Diarrhea and Constipation

Basic Principles

Classification: acute or chronic; infectious; secondary to organic disease

Principal signs and symptoms:


- more than four bowel movements per day

- stool weight i 250g/day

- soft or liquid consistency


two or fewer bowel movements per week

stool volume significantly below the normal range of approximately
80–150 g/day

hard consistency

The passage of stool may or may not cause discomfort. Stool may be mucuscovered, bloody, watery, or granular and may contain grossly visible food


The history is of key importance, as bowel habits are interpreted differently by
different examiners. A stool examination may be helpful.

All patients with diarrhea should be evaluated for the presence of an infection
and for organic disease. Blood work should be done and may include tests for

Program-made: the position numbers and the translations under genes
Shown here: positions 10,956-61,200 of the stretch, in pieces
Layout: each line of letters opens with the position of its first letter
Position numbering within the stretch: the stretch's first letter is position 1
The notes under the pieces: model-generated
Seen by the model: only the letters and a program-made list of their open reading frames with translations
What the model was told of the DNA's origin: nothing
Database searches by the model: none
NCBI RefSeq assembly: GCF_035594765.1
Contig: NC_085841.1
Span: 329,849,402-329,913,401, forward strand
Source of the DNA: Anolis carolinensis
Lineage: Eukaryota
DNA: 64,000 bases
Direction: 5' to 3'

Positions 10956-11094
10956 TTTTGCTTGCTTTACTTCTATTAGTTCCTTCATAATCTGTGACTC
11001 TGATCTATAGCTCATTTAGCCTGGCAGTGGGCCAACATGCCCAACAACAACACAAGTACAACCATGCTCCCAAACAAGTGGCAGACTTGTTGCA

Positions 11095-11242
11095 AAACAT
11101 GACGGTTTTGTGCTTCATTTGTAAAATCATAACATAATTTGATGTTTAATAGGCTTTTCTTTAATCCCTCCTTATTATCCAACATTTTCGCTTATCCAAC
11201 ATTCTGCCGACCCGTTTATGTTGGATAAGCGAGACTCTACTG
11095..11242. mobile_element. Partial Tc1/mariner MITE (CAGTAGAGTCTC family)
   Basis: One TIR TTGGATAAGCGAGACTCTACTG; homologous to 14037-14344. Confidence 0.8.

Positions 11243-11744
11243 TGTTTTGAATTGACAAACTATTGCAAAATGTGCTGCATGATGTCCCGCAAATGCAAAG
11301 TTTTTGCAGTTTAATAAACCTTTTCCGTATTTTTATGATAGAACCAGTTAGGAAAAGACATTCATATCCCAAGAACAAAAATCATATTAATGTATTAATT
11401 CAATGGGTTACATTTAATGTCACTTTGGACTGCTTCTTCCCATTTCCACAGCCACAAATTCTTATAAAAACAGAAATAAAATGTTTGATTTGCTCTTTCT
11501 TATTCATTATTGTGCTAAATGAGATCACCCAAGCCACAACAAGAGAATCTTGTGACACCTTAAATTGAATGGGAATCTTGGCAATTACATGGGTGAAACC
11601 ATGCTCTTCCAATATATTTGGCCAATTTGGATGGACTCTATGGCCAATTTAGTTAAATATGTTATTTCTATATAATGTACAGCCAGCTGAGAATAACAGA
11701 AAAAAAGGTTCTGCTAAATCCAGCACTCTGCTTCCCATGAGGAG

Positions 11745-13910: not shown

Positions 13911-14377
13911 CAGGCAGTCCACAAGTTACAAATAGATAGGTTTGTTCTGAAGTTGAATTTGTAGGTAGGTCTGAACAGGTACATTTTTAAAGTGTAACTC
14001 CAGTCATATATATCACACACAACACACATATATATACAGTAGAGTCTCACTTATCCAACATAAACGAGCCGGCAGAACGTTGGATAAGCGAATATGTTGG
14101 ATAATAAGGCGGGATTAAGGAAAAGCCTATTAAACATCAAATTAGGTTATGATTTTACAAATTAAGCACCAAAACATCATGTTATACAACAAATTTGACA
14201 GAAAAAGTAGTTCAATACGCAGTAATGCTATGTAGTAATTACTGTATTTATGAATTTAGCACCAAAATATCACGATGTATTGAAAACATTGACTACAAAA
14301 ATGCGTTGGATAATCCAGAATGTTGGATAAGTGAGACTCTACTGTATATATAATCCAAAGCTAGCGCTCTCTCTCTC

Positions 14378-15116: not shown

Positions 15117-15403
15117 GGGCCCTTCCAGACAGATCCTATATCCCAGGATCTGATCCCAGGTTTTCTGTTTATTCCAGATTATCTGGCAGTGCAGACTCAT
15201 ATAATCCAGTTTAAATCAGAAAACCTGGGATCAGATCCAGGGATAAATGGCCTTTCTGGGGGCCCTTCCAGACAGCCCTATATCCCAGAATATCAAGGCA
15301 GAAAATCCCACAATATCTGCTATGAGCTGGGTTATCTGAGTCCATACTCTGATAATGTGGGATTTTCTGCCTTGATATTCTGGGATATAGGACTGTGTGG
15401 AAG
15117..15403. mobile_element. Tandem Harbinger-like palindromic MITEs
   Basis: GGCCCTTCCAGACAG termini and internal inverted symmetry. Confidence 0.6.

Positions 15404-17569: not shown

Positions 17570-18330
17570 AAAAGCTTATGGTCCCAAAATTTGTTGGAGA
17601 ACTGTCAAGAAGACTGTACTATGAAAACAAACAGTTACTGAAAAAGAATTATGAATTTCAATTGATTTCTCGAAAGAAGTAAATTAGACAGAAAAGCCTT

infectious organisms (blood culture, complement binding reaction). The stool
may also be examined for bacteriologic testing and antibody detection (e.g.,
clostridium antibody).

All true cases of chronic constipation are presumed to be caused by a stenosing

Only a few causes of diarrhea and constipation can be diagnosed with ultrasound. Most cases should be investigated by endoscopy with tissue sampling
and histologic evaluation.

The differential diagnosis is reviewed, where the possible diagnoses
are listed in order of their frequency in the general hospital setting.

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